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    DTTA-Few Issues

    Legal History:

     

    Section 90 of the Income Tax Act, 1961(Act) empowers the Central Government to enter into agreement (Tax Treaties-aka DTAA) with Government of any country outside India or specified territory outside India for

     

    1. granting relief in respect of doubly taxed income or income tax chargeable under this Act and under the corresponding law in force in that country or specified territory, to promote mutual economic relations, trade and investment or

     

    1. for avoidance of double taxation of income under this Act and under the corresponding law in force in that country or specified territory or

     

    • for exchange of information for prevention of evasion or avoidance of income tax chargeable under this Act or under the corresponding law in force in that country or specified territory or

     

    1. for recovery of income tax under this Act and under the corresponding law in force in that country or specified territory as the case may be

     

    There are two modes of granting relief under DTAA. They are:

     

    • Exemption Method and
    • Tax Credit Method.

     

    Exemption Method:

     

    Under exemption method, a particular income is taxed in one of the two countries.

     

    Tax Credit Method:

     

    Under tax credit method, an income is taxable in both the countries in accordance with their respective tax laws read with the DTAA. However, the country of residence of the taxpayer allows him credit for the tax charged thereon in the country of source against the tax charged on such income in the country of residence.

     

    Agreement vs DTAA:

     

    In case of difference between the provisions of the Act and of the agreement, the provisions of the agreement prevail over the provisions of the Act and can be enforced by the appellate authorities and the court.

     

     

     

     

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    Issue 1:

     

    Whether income be exempted from tax in India if tax was paid outside India at a higher rate?

     

    This issue was answered in case of ITO vs BESCO Engineering & Services (P) Ltd - ITAT KOLKATA.

     

    Facts:

     

    The Assessee is an Indian Company made equity investment in a Brazilian Company (Foreign Company). The Indian Company received dividend from the Foreign Company. Assessing Officer taxed the dividend on the contention that dividend received from foreign company is not exempt under section 10(34) of the Act.

     

    Assessee has contended that the foreign company has already paid tax @34% on its profits which is in excess of the rate prescribed in paragraph 2 of Article 10 of DTAA with Brazil (i.e.,15%). However, Assessing Officer has taxed the dividend without referring to provisions of DTAA.

     

    Assessee filed an appeal against the order of Assessing Officer before CIT(A). Order of the Assessing Officer was set aside by CIT (A). Revenue filed an appeal against the order of CIT(A).

     

    Ruling by ITAT:

     

    As per paragraph 3 of Article 23 of DTAA between India and Brazil where a company which is resident of a contracting state derives dividend in accordance with the provisions of paragraph 21 of Article 10 may be taxed in other contracting state, the first mentioned State shall exempt such dividends from tax.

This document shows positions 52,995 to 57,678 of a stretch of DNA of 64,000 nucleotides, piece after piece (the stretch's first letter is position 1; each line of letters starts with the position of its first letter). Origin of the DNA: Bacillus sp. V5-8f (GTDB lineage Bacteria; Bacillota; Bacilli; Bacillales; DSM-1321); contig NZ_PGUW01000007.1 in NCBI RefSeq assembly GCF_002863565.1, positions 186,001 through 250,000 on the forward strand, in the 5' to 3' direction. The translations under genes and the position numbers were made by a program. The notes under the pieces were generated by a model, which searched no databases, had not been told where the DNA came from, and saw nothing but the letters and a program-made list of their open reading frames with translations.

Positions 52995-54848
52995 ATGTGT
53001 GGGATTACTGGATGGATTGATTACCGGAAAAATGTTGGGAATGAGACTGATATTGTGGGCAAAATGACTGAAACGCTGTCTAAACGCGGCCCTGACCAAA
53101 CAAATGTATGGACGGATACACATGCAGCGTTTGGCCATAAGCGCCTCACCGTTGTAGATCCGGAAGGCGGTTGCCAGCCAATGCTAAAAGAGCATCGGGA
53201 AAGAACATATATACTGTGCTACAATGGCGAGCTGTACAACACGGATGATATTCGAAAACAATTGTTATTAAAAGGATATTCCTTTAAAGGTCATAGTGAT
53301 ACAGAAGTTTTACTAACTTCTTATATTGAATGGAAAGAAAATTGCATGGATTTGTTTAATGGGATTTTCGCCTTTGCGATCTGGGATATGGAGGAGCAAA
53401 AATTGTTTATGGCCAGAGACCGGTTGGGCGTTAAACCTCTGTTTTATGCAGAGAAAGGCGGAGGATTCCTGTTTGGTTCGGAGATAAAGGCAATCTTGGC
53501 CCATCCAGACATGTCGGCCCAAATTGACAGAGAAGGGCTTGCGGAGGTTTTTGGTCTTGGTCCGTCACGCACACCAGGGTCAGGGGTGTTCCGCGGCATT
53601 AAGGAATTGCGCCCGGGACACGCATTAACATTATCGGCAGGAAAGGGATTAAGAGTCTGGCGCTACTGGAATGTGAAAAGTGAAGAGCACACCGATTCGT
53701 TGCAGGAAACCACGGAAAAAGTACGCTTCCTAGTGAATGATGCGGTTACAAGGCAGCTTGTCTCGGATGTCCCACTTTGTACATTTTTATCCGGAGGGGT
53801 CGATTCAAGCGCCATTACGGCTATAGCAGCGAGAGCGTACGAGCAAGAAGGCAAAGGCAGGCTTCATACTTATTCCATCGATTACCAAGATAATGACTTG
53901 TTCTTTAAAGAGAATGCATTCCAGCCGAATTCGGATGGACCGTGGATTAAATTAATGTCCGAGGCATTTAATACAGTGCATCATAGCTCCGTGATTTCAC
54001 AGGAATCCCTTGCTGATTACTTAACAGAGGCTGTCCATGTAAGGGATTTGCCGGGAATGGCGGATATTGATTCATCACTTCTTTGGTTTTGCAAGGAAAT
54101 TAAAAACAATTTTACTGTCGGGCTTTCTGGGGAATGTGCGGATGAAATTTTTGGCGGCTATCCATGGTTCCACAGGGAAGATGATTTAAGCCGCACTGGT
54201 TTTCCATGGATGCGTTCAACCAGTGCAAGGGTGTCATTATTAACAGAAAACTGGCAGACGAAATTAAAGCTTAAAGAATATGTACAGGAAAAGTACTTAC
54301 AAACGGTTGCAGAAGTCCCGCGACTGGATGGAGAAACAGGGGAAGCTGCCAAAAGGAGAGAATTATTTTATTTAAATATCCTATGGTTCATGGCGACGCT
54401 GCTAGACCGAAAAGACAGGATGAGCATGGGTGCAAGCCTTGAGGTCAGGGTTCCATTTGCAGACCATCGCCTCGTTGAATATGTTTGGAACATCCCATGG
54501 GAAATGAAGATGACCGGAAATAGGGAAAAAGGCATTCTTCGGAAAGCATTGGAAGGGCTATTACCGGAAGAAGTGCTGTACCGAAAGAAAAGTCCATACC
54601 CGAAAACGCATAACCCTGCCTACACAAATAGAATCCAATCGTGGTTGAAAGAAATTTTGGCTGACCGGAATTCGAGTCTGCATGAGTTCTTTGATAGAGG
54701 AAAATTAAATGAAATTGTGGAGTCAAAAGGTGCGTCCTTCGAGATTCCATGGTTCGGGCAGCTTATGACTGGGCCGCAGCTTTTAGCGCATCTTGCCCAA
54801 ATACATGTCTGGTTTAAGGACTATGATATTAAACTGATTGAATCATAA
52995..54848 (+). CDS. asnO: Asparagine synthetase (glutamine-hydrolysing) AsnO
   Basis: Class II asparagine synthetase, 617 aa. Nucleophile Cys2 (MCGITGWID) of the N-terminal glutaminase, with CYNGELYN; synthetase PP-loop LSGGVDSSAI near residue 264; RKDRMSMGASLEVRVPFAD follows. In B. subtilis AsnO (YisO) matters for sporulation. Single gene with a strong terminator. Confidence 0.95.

Withholding tax rates for dividends is 0% as per Brazilian Tax Law and also as per DTAA if dividend is paid to non-residents. Hence the appeal of the revenue dismissed.

     

    Issue 2:

     

    Is Tax credit available in respect of deemed tax foregone?

     

    This issue was answered in KrishakBharati Cooperative Ltd vs Asst. CIT - ITAT DELHI

     

    Facts:

     

    The Assessee held 25% shares in a foreign company registered in Oman. Assessee has received dividend income from the foreign company which was exempt from tax in Oman by virtue of Article 8(bis) of Omanian Tax Laws. The said dividend income was brought to tax in India as per the Act. The Assessing Officer allowed tax credit with respect to dividend income.

     

     

     

    Subsequently Principal CIT revised the order of the Assessing Officer and disallowed the tax credit so claimed by the assessee. The CIT was of the view that as the assessee did not pay any tax in Oman owning to exemption, no foreign tax credit was available to it.

     

    The aggrieved assessee filed an appeal against the order of the CIT passed u/s 263.

     

    Ruling by ITAT:

     

    Article 25(4) of DTAA between India and Oman lays down that tax payable shall deemed to include the tax which would have been payable but for tax incentive granted under the tax laws of the contracting state and which are designed to promote economic developments.

     

    The exemption for dividend income was granted in accordance with the article 8(bis) and such exemption was granted with the objective of promoting economic developments within Oman by attracting investments.

     

    The Order of CIT quashed and appeal of the assessee allowed.

     

    Note: Such credit was allowed by the Assessing Officer in the past also. When there is no change in facts and the relevant provisions of the law the principle of consistency of approach should be followed.

     

    Take away

     

    One just has to read DTAA with different countries separately. Each DTAA has similarities and dissimilarities. We have to go through each DTAA and analyze the issue before drawing conclusions.

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